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HealthWare Systems Blog

February is National Wise Health Care Consumer Month

Posted on Friday, February 16, 2018

The American Institute for Preventive Medicine designated February as National Wise Health Care Consumer Month with the goals of empowering patients to understand their health care options and make wise health care decisions, promoting consumer wellness, and reducing health care costs.

Wise Health Care Consumers

According to their Wise Health Care Consumer Toolkit:

“Wise health care consumers:

  • Know how to choose a health care plan
  • Choose their care providers carefully and thoughtfully
  • Communicate with their health care providers
  • Are comfortable asking questions, sharing concerns and negotiating costs
  • Analyze and evaluate sources of health information
  • Practice preventive care
  • Know when to treat themselves at home
  • Understand their prescriptions and take them as directed”

National Wise Health Care Consumer Month

This month presents an opportunity to promote the ideals of a wise health care consumer to each patient and employee at your facility.

The American Institute for Preventive Medicine’s toolkit, which contains resources to help employers promote wise health consumerism, can be downloaded here.  They also provide a free Well-Being Activity Planner to help you plan wellness events.

Additionally, some of the ways you can appeal to the patient as health care consumer and help empower your patients to make wise health care decisions include:

A healthcare employee helps a patient during National Wise Health Care Consumer Month.

Empower your patients and employees to practice preventive medicine and make wise health care decisions.

This February, celebrate National Wise Health Care Consumer Month by empowering your patients and employees using the suggestions above and the resources provided by the American Institute for Preventive Medicine.

You can also find ideas for promoting other health observances throughout the year here, and a detailed calendar of this year’s health observances and recognition days here.


By Stephanie Salmich

Touchscreen kiosks are a great wayfinding solution.

Improve Hospital Navigation and the Patient Experience with a Wayfinding Solution

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HealthWare Systems Blog

Improve Hospital Navigation and the Patient Experience with a Wayfinding Solution

Posted on Wednesday, December 6, 2017

Navigating their way through a large hospital building full of many different hallways and departments can add an extra layer of anxiety to an already stressful experience for patients, their families and friends.  Adding a wayfinding solution dramatically improves hospital navigation and the patient experience.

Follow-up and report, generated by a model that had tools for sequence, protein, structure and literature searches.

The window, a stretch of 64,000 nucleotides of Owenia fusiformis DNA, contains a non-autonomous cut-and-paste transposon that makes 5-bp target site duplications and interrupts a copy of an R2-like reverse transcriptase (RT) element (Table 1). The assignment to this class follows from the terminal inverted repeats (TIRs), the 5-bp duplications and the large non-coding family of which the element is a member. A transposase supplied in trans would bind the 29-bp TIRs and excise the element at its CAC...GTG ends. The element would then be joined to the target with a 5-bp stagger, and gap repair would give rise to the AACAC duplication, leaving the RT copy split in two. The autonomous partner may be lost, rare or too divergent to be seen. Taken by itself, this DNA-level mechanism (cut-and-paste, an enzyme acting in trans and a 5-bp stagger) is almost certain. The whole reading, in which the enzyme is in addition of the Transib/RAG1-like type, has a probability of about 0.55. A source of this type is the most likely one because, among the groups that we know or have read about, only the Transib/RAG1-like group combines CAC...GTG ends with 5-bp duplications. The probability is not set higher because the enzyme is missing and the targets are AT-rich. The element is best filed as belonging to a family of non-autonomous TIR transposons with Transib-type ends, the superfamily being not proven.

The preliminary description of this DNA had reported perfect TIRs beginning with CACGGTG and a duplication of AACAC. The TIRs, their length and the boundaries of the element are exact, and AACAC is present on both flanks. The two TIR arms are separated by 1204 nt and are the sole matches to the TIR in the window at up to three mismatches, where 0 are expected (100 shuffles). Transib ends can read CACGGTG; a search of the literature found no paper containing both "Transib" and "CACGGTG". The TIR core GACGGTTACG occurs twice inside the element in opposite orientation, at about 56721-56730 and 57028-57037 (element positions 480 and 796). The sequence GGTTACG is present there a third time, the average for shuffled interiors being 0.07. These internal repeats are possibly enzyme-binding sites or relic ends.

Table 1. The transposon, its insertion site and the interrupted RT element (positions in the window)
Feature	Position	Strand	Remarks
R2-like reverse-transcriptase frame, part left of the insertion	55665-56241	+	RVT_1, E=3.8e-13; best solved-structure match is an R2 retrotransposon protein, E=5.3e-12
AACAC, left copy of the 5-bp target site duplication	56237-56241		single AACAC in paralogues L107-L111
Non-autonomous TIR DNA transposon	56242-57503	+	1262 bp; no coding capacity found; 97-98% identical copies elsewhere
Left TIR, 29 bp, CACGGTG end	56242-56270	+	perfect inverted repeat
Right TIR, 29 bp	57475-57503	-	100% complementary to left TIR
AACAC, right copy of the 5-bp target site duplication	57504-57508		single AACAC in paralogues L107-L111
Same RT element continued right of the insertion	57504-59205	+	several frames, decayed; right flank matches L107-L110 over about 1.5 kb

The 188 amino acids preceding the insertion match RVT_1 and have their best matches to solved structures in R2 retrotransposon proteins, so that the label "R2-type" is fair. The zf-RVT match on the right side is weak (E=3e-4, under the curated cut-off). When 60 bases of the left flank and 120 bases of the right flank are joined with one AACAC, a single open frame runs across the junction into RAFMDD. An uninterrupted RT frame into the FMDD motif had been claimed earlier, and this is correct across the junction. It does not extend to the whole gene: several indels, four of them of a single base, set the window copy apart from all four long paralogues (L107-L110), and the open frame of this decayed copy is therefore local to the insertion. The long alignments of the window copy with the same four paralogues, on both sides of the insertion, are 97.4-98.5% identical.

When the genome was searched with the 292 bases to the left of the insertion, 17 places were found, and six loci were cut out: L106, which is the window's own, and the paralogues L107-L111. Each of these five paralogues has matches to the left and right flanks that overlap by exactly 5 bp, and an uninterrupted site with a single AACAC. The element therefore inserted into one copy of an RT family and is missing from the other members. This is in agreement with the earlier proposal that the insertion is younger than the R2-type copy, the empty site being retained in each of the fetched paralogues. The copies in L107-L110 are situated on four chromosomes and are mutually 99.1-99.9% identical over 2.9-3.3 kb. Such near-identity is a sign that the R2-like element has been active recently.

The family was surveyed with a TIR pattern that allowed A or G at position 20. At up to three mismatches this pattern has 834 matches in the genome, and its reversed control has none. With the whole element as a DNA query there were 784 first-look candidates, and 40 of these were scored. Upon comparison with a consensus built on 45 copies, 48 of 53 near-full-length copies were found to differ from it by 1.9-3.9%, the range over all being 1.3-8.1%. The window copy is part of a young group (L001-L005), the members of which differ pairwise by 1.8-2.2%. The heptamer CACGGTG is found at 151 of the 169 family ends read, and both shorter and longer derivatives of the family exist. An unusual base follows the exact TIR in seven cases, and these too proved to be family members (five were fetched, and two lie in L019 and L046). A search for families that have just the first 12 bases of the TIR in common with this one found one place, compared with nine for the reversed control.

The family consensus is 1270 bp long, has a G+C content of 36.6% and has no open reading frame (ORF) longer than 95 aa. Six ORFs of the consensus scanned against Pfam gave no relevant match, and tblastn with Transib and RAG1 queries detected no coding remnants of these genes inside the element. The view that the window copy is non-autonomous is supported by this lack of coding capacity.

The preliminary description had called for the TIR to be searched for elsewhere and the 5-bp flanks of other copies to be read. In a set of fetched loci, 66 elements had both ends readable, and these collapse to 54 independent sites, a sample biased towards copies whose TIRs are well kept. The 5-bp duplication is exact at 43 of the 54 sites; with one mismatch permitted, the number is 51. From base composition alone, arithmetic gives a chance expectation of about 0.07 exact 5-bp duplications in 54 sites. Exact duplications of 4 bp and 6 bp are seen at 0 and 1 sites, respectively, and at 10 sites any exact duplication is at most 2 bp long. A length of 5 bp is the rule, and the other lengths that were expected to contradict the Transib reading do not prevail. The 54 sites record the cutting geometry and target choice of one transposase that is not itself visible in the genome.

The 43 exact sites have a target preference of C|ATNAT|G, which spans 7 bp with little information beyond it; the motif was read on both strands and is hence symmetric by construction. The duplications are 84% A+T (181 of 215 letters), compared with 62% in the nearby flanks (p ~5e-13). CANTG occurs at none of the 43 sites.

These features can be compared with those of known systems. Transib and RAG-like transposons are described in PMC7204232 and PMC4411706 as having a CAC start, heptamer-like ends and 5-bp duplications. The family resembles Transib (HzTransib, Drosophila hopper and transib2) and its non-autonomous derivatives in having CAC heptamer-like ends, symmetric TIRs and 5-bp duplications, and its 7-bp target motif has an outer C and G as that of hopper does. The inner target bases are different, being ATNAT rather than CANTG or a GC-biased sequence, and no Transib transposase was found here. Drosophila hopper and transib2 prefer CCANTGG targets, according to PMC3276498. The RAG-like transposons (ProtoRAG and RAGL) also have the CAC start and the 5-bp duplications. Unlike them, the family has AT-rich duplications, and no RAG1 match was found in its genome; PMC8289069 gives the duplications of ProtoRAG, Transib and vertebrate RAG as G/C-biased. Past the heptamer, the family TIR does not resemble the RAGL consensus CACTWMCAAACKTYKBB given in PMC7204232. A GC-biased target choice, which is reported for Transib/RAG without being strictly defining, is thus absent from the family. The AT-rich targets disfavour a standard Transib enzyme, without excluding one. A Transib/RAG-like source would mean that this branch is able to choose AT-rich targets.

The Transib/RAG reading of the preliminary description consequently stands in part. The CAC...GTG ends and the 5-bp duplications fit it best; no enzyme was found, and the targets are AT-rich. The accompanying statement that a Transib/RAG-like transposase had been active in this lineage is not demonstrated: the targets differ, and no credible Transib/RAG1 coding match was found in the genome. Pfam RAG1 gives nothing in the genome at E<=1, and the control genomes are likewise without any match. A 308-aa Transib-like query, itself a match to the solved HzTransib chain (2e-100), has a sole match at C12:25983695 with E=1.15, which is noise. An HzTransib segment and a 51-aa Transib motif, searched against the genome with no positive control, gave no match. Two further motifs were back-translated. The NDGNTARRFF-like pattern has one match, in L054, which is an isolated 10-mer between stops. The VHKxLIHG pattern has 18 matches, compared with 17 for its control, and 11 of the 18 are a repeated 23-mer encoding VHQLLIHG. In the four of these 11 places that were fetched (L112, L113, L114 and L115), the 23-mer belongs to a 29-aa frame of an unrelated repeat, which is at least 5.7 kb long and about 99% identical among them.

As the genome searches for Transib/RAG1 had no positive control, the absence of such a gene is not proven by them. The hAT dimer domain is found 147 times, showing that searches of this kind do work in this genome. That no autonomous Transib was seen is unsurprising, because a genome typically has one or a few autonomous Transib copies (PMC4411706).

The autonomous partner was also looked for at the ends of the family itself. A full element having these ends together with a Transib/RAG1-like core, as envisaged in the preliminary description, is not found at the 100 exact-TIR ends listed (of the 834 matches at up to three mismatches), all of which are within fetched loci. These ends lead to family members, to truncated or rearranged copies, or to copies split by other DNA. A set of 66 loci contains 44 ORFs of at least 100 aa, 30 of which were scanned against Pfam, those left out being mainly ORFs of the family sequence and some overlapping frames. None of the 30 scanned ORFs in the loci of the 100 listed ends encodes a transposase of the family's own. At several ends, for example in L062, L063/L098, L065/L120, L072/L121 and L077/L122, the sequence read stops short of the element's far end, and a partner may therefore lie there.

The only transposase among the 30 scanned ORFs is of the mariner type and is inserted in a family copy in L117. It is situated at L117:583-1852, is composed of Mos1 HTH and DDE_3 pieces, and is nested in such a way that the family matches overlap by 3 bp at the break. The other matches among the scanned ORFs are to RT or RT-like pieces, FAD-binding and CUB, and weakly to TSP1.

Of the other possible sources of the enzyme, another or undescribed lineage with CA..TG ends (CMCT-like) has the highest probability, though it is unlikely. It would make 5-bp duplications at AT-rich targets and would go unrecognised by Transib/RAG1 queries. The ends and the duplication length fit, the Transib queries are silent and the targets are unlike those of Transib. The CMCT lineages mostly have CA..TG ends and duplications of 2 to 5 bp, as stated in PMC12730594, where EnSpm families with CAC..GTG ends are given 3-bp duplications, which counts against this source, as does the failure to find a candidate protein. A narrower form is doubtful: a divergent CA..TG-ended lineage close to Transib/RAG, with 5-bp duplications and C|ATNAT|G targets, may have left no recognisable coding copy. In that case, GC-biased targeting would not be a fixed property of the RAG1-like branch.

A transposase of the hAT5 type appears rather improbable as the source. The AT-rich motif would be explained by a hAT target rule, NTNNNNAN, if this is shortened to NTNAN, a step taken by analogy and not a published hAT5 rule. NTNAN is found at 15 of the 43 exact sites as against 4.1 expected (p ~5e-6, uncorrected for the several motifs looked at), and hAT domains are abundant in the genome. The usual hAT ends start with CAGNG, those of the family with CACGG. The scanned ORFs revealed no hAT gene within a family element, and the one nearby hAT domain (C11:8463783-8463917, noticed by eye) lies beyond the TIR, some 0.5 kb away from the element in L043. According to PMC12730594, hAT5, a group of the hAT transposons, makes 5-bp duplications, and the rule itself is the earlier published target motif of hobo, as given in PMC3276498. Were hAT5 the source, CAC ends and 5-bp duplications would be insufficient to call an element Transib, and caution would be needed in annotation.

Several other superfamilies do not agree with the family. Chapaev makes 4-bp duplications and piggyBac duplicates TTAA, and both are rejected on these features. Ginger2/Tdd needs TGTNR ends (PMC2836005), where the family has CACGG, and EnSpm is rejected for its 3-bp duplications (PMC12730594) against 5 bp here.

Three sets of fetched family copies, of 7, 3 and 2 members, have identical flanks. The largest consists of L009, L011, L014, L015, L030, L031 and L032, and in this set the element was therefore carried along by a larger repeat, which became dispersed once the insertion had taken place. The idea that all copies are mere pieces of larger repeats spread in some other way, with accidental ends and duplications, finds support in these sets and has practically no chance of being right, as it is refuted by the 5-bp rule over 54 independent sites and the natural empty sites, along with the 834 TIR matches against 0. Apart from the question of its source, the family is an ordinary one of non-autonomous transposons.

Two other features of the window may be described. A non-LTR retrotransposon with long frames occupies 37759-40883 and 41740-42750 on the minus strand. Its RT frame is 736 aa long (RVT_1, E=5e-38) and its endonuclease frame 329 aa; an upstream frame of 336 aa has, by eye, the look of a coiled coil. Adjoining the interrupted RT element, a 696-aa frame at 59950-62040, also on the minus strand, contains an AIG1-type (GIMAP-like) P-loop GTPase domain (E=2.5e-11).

Here are three different technological wayfinding solutions hospitals are adding to their facilities:


1. Mobile Apps

Hospitals have been developing their own apps to help patients navigate through their facility. By adding this type of technology-driven wayfinding solution, visitors are easily guided to their destination and this adds to a more enjoyable hospital visit. After all, cell phones and mobile technology are constantly around us (most of the time in our hands); why not use a smartphone app to help patients direct their way through the facility? Some mobile apps even include interior maps with turn-by-turn directions to any destination on campus!

Touchscreen kiosks are a great wayfinding solution.

Wayfinding solution: ActiveTRACK Touchscreen Kiosk

2. Touchscreen Kiosks

Some hospitals have created a wayfinding solution through touchscreen kiosks installed in their lobbies for patients to check-in. These “greeter stations” provide the ability to not only check-in without the assistance of a greeter, but the patient can also scan any needed documentation (e.g. driver’s license, insurance card). Any captured documents are delivered to the registrar electronically.

Touchscreen kiosks can print physical wayfinding maps as well as registration packets for the visitor to review while he/she waits. This helps expedite the final registration step and provides patients with something to do while they are waiting, enhancing the patient experience.

3. Digital Signage

A patient notification board is a great wayfinding solution.

Wayfinding solution: ActiveTRACK Patient Notification Board

 

Having digital signs throughout a hospital is very helpful for wandering visitors. With maps and announcements being displayed, guests won’t get lost while visiting loved ones and hospital staff won’t miss important messages.

One specific type of digital signage used in some hospitals is a patient notification board. A patient notification board informs patients when to proceed to a registration booth. It provides an audible tone and/or message when a registrar is available and ready to serve them. Between these notifications, the patient notification board can be set up to display marketing and informational messages to patients while they are waiting (e.g. wellness programs, hospital services).

 


True, these current wayfinding solutions for hospital navigation cater to a younger, more tech-savvy hospital visitor, but keeping up with the current trends and technology takes a facility to the next level.  Implementing a wayfinding solution from the list above can leave an extremely impressive and lasting impression on the patient experience.